Washington, DC—Senate Majority Leader Harry Reid joined Senator John Rockefeller, Gerald Smith, Associate Director of the Northwest Federation of Community Organizations, and student artist Muhammad Ibrahim at a press conference today to discuss Democrats’ efforts to strengthen the Children’s Health Insurance Program. Democrats are working to pass a bill similar to the ones vetoed by President Bushlast Congress that will improve the lives of low-income, uninsured children by ensuring they get the doctor visits and medicines they need when they’re sick and the checkups they need to stay well. The event also featured artwork submitted by students from around the nation highlighting the importance providing health coverage to children.
“CHIP is a critical program as states begin to run out of money for children’s health care – in the state of Nevada alone more than 100,000 children remain uninsured,” Reid said. “We will enact a bipartisan bill that improves the lives of uninsured children by ensuring they get the doctor visits and medicines they need when they’re sick and the checkups they need to stay well. Not only is passing CHIP the right thing to do; it’s the smart thing to do.”
Said Rockefeller: “This isn’t about politics, this is about children and it’s about doing what’s right. With our nation’s economy in crisis and Americans facing the uncertainty that comes with losing their jobs and their health insurance, health care coverage for all children is more important than ever before. Medicaid and CHIP are a critical safety net for working families and their children during these extremely hard economic times. In the years since we created CHIP, millions of America’s children have received needed, and in many instances life-saving, care. It is time to provide that vital coverage to even more of our children, including legal immigrant children. I am eager to finally finish this important mission and give nearly 11 million children the care they need and deserve.”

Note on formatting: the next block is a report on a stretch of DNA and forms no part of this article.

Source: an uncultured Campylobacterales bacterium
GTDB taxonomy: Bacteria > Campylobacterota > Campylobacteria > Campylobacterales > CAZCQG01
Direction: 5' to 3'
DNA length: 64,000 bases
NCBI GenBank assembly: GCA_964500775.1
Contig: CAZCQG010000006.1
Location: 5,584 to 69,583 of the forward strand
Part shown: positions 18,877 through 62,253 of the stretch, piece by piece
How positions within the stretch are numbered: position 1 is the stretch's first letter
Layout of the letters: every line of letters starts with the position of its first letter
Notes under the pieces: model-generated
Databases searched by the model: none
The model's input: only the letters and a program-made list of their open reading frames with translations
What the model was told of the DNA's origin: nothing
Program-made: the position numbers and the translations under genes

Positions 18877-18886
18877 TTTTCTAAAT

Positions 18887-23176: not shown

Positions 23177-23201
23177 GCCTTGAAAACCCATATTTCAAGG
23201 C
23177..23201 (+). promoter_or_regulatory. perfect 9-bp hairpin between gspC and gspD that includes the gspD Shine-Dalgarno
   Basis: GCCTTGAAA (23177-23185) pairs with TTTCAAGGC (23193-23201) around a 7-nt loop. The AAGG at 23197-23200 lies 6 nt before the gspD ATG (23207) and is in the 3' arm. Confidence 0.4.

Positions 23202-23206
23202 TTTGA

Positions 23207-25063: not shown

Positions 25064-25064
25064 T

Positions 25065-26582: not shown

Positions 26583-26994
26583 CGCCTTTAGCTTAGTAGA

“The art exhibited here showcases why health care is so important for children, from the kids themselves,” Smith said. “The pieces are a result of conversations between teachers, parents, after school tutors, and community organizers engaging students in conversations about who gets health care and what happens to those who don’t. We look forward to continuing to engage the community, Congress, and the new administration as we move towards the day when everyone in the country has access to the highest quality, affordable health care that everyone deserves.”
Said Ibrahim: “I wanted to enter the exhibit so that I could make a difference. I believe that we should all be able to go to a doctor. I can go because of my parents. But some kids can’t and that’s not fair."